This one of me at the mirror jumped out at me. And then, I saw the one below. Yikes! What is that growing out of my head?
I have no idea what possessed me to do that particular style with my hair. (Mom thinks I was doing something celebratory for my sister Emilye’s 13th birthday.) Joining us that summer (1978) — as he did for many years — was Tarik Higgins. Our honorary brother.
The negatives show that we also lit fireworks that day and played a pretty fierce game of basketball. By the time of the basketball game, I had shed the apron. There wasn’t much bun left either.
Look at Emilye using her left hand. And, yes, we did live in the middle of the woods!
For those of you who are interested in these kinds of things, I am scanning black and white negatives using an Epson V600, importing into Adobe Lightroom, and editing (cropping and using a healing brush to remove dirt and scratches) in Adobe Photoshop. I love having a darkroom on my desk!!
I’ve spent hours today going through my photo files. I am deleting duplicates. There was a time not too long ago when the first thing I did after transferring my photographs from the camera card to my computer was batch processing in Adobe Photoshop to create a photoshop document for each image. That means I have hundreds of .psd files that duplicate .nef files. Sometimes, I batch processed a whole set of .jpgs at the same time. More needless duplication.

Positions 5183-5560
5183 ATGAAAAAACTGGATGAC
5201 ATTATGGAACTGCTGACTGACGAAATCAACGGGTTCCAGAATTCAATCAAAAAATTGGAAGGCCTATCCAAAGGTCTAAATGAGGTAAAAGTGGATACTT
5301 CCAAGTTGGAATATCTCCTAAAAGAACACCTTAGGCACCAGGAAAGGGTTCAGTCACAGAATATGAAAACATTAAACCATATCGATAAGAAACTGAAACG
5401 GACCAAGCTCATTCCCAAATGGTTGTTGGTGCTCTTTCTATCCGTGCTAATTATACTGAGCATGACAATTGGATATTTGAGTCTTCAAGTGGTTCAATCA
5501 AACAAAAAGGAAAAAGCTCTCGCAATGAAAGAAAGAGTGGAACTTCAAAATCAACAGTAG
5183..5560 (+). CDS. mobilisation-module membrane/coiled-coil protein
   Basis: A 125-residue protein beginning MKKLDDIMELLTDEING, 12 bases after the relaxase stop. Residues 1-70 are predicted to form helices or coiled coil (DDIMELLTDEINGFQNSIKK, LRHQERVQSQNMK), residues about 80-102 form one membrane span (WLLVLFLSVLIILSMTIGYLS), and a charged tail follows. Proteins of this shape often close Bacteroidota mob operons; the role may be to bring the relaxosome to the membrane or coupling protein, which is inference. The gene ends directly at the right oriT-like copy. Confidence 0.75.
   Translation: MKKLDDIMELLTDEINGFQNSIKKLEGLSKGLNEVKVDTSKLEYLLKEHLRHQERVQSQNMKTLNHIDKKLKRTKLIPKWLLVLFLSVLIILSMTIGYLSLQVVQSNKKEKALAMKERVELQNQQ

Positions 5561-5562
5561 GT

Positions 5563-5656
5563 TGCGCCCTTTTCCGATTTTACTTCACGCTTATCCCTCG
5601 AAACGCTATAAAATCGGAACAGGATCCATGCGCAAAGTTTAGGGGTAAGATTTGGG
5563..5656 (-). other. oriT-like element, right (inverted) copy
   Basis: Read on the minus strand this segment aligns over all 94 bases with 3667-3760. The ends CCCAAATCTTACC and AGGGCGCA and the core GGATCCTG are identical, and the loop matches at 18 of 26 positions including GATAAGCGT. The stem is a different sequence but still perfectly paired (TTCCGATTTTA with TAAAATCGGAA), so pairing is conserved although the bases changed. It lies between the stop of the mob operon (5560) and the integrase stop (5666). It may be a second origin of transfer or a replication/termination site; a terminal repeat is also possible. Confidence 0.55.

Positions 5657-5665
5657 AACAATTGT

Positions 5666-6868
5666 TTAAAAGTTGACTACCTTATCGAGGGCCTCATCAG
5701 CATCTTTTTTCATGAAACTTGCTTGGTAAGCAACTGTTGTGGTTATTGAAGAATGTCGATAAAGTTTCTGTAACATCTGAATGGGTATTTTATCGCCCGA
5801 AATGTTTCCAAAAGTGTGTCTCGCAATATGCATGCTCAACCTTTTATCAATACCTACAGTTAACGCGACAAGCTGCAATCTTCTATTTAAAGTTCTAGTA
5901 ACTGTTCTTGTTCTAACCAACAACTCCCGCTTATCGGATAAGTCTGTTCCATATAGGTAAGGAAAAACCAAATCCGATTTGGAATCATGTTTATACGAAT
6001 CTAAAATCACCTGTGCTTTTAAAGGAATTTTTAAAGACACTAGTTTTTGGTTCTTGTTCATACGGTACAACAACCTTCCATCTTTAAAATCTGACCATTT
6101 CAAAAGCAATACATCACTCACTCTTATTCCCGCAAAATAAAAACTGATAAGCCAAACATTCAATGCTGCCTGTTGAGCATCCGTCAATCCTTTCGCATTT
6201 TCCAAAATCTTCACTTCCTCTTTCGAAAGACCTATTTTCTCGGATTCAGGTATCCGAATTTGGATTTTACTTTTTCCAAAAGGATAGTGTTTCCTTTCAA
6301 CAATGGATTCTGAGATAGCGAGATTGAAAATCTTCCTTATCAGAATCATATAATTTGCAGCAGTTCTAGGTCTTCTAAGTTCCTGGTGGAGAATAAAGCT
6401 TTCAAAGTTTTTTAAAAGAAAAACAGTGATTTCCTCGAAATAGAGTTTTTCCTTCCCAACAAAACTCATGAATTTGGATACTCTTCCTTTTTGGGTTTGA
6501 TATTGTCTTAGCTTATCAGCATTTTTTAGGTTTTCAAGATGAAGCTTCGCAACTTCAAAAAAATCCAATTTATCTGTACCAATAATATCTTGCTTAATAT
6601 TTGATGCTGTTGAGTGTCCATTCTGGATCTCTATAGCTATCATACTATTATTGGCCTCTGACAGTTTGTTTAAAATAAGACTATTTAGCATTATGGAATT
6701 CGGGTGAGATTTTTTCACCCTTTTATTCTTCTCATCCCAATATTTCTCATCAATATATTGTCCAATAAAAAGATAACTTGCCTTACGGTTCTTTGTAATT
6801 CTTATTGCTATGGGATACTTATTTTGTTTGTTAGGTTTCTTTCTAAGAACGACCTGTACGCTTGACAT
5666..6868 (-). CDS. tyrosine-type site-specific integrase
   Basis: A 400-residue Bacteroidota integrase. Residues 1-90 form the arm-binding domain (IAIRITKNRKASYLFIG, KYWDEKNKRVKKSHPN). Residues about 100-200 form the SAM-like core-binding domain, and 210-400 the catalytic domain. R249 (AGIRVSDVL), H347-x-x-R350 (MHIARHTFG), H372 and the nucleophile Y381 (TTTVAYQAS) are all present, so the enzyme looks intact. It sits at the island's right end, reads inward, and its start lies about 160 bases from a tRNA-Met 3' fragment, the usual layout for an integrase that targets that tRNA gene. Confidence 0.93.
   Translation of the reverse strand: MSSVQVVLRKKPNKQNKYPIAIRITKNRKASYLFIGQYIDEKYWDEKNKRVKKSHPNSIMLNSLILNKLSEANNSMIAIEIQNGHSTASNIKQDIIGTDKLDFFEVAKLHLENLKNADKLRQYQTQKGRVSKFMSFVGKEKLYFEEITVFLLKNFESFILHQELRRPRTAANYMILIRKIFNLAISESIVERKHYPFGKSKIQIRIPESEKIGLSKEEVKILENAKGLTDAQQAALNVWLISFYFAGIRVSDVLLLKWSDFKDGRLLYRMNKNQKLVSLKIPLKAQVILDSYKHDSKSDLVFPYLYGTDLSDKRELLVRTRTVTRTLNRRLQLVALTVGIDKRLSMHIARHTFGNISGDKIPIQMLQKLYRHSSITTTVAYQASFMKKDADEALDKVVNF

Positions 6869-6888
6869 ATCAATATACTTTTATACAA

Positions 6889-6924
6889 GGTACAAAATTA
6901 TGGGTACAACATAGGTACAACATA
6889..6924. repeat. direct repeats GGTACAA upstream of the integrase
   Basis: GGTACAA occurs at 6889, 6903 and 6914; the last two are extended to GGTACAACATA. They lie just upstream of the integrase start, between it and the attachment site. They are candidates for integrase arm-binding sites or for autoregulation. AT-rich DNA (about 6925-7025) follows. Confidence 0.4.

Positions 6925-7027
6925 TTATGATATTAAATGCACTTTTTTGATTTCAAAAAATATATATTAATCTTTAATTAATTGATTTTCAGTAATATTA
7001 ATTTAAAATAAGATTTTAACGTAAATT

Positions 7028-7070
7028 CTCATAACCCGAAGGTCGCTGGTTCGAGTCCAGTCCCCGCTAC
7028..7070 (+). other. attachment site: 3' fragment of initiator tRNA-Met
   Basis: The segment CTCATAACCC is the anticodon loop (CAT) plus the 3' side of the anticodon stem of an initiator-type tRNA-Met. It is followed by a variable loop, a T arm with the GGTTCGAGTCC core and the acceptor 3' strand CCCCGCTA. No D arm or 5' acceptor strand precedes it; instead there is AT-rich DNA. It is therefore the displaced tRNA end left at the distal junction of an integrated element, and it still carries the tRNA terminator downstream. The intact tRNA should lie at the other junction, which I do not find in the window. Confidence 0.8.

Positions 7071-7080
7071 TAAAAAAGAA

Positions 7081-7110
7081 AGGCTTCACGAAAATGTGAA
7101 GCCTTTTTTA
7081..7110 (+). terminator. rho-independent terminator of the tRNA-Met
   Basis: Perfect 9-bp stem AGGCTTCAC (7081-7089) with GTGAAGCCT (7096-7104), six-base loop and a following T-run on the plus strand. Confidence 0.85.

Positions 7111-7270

I am also finding photographs in my main Chronological Photos file that belong in other files, such as the Photos By Others file. I just moved three sets of photographs that I was given by another parent when we did the Faces of Chastain quilt project in 2007. Today I still remember that they were taken by Susan, but who knows how long I would have remembered. It is so much easier to go through hundreds, nay thousands, of photographs in digital form than as prints, or negatives. I know this from the organizational project I am helping my mother with.
I am learning more about how to use Adobe Lightroom’s organizational tools, including search functions and collections. The fun part of doing this is I am seeing lots and lots of photographs. I took these two photographs in October and November 2011. (They aren’t my kids and they’ve grown up a lot since then.)
Here’s my favorite of the photographs we took while we were doing video. This is a garden snail I found under the leaf litter in my butterfly garden. It was just after cold weather had zapped my busy lizzies (impatiens) and the snails were all tucked in around the slimy stems.
Today I want to take video of a wolfsnail settled into a cool spot (on a brick). I filled a plastic container with bricks and I am hoping it will find a cool brick the best surface to settle onto. We’ll see.
You can see from the above photograph that I have decided I should be watermarking the photographs I post on the blog. Adobe Lightroom makes it very easy to watermark photographs during the Export process. One of my goals this coming year is to take more advantage of the organizational tools in Lightroom. As you might imagine from the number of photographs I share on the blog, we take and store a ton of photographs. We need to do a better job of clearing off the ones we’ll never use. I am going back through about 6 years worth of images stored on my external hard drive array and deleting anything that is clearly unusable (out of focus, awful exposure, etc.) As I do this, I am tagging the photographs with names, events, etc. Ultimately I hope it will make it easier to find photographs.
I’m planning to share some of the photographs I uncover as I go through.